June 9, 1907
Olga Miller was a comely young thing who worked at the Hotel Rosslyn and was considered quite attractive despite the scar on her temple from shooting herself in the head.
One day she fell ill and was taken to County Hospital, where she went into convulsions and died after a visit from Richard Hardy, who forced his way into her room and made her drink a glass of milk that police suspected was poisoned.
But her death was only the beginning of the complicated story, a morbidly Victorian tale that includes murder, insanity, false identities, suicides and fears of body snatching.
Shortly after Miller died, officials learned that she was actually Bertha Beilstein, the daughter of John Frederick Beilstein, a wealthy Allegheny, Pa., businessman and politician. Before his mysterious death in 1897 (some people suspected Bertha of poisoning him in a fit of insanity), he wrote a will putting all his money in a trust for his heirs as long as she was alive.
Stationery engineer Samuel E. Moss, of 704 East Fifth Street, is still strapped to a bed in Receiving Hospital today, having been arrested in Westlake Park the night of the 21st after attempting suicide with an overdose of bromide.
It seems Mr. Moss, who has no apparent motive for the act (“He is a magnificent specimen of manhood and that he should so fondly court death seemed peculiar to the police,” the Times informs), was thwarted by a crafty druggist. Druggists have come under State Board of Pharmacy scrutiny of late–usually because they’ll sell opium to any and everyone–and so when Moss asked for a “big dose of carbolic”, the pharmacist slipped him the bromide.
In Westlake Park, Moss gulped down the bromide, which made him sick and semiconscious; he was picked up by a Westlake Park Special Officer.
Every morning since his induction to Receiving, attendants ask Moss if he wants to live. And every morning he says no, which confounds Chief Surgeon Garrett. “He is one of the most remarkable prisoners I have ever known. Ninety-nine people out of a hundred who try to commit suicide do so in a fit of despondency. When they are saved, they are only too glad to be alive. This man seems as strong in his desire for death now as he did when he took the drug and restraint seems about the only remedy for him.”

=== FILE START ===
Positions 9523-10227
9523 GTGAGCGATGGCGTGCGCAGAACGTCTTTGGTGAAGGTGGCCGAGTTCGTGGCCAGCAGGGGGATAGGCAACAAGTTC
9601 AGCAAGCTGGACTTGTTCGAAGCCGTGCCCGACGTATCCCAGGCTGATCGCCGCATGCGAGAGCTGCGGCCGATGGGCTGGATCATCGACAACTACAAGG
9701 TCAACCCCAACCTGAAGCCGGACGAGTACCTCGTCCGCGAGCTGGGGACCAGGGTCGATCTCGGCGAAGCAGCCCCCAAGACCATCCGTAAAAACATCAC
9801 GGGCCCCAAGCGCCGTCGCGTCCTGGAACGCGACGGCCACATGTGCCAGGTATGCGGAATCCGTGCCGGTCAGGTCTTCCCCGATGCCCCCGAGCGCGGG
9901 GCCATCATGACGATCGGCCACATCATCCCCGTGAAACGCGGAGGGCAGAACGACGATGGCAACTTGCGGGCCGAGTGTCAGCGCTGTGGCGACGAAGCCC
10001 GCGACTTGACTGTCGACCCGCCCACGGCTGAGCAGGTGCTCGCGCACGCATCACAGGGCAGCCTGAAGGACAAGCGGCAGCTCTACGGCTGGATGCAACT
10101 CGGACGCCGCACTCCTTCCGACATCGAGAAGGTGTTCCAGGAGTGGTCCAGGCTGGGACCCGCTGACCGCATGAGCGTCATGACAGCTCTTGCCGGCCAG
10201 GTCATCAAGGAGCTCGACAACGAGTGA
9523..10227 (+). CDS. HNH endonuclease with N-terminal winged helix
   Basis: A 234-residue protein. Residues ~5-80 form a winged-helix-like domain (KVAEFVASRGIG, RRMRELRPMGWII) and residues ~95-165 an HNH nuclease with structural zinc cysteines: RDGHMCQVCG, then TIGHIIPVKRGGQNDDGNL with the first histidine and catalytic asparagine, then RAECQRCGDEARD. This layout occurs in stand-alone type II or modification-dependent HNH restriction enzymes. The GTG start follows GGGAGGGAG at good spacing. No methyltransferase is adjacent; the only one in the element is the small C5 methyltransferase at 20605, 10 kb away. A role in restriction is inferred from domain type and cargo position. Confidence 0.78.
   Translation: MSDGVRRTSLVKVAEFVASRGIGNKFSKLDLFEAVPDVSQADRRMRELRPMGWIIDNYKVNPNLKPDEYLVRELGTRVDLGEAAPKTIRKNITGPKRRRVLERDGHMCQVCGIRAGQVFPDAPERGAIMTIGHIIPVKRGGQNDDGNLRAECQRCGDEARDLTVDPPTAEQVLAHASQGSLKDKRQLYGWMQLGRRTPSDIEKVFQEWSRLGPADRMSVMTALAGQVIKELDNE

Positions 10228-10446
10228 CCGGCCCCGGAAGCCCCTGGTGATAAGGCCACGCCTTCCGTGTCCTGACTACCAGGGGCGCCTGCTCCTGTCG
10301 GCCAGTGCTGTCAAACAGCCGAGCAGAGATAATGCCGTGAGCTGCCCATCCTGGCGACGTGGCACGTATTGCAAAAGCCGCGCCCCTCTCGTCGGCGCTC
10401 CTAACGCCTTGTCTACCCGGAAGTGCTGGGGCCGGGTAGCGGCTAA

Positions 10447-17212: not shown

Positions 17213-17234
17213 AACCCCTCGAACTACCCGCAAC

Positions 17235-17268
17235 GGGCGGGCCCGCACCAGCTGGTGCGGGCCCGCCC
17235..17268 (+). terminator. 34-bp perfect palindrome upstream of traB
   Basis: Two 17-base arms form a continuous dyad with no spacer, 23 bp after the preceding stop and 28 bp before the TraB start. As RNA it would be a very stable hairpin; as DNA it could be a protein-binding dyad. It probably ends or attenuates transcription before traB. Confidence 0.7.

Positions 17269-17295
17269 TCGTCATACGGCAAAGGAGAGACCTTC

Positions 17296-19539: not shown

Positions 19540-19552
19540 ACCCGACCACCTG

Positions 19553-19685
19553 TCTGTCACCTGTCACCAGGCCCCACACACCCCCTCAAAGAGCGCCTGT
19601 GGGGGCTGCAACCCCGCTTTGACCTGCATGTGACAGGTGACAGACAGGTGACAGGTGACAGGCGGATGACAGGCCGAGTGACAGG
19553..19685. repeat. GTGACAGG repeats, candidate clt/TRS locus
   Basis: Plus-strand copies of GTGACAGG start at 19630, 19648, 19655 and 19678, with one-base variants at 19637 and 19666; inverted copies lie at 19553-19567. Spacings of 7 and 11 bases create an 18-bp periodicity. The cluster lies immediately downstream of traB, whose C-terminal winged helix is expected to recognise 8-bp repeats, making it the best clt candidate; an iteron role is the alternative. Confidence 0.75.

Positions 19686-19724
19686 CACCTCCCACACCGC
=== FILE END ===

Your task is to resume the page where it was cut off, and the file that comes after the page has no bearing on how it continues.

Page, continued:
Questioning his Fifth Street rooming house cohabitators revealed nothing. Moss acts and speaks rationally, merely stating “If I don’t want to live, that’s no one’s business but my own.” And so his morning questioning continues–and if he continues to answer in the negative, Garrett will have no other recourse but to file a complaint with the State Board of Insanity Commissioners.
May 13, 1907
15-year-old William McCormick visited the police to make a panicked plea for the salvation of his mother Janette, removed yesteday from 228 South Avenue 66 to the lunatics’ ward of the County Hospital. His mother is, William swears, quite sane, and her confinement the result of a family plot to steal her inheritance.
Mrs. McCormick is the primary beneficiary of a million dollar estate based in Denver, although much of the family lives on the west coast, including cousin Arthur Randall, in whose home the McCormicks had been staying.
Although no warrant for the woman’s arrest was ever produced, Superintendant Barber of the County Hospital accepted the word of the deputy sherrifs who brought the shrieking woman into his ward that such a warrant was in the hands of the Sheriff, and he refuses to release his captive until the case is investigated today.
Young McCormick explains, "After the death of my grandmother, mother and I came to the Coast. When our relatives learned that the greater portion of the property was left to mother and me, they began to plot. While we were in San Diego, Mrs. Belle M. Auston, who now lives in Black River Falls, Wis, and is my aunt, tried to kidnap me and was unsuccessful."
After this shock, the pair moved on to stay with a lady cousin in Ocean Park, then moved in with cousin Arthur. "He is the one who is making this trouble for mother. She is sane and has never been troubled with any symptoms of insanity. I believe that my uncles N.M. Phelps and A.D. Merrill of Denver have hired Randall to try to get mother in an asylum, so as to get her fortune! Phelps was left only $5000 by my grandmother’s will and Merrill was not mentioned. I am not very old, but I don’t want to see them harm mother."
The police sargeant told the youngster to contact the District Attorney.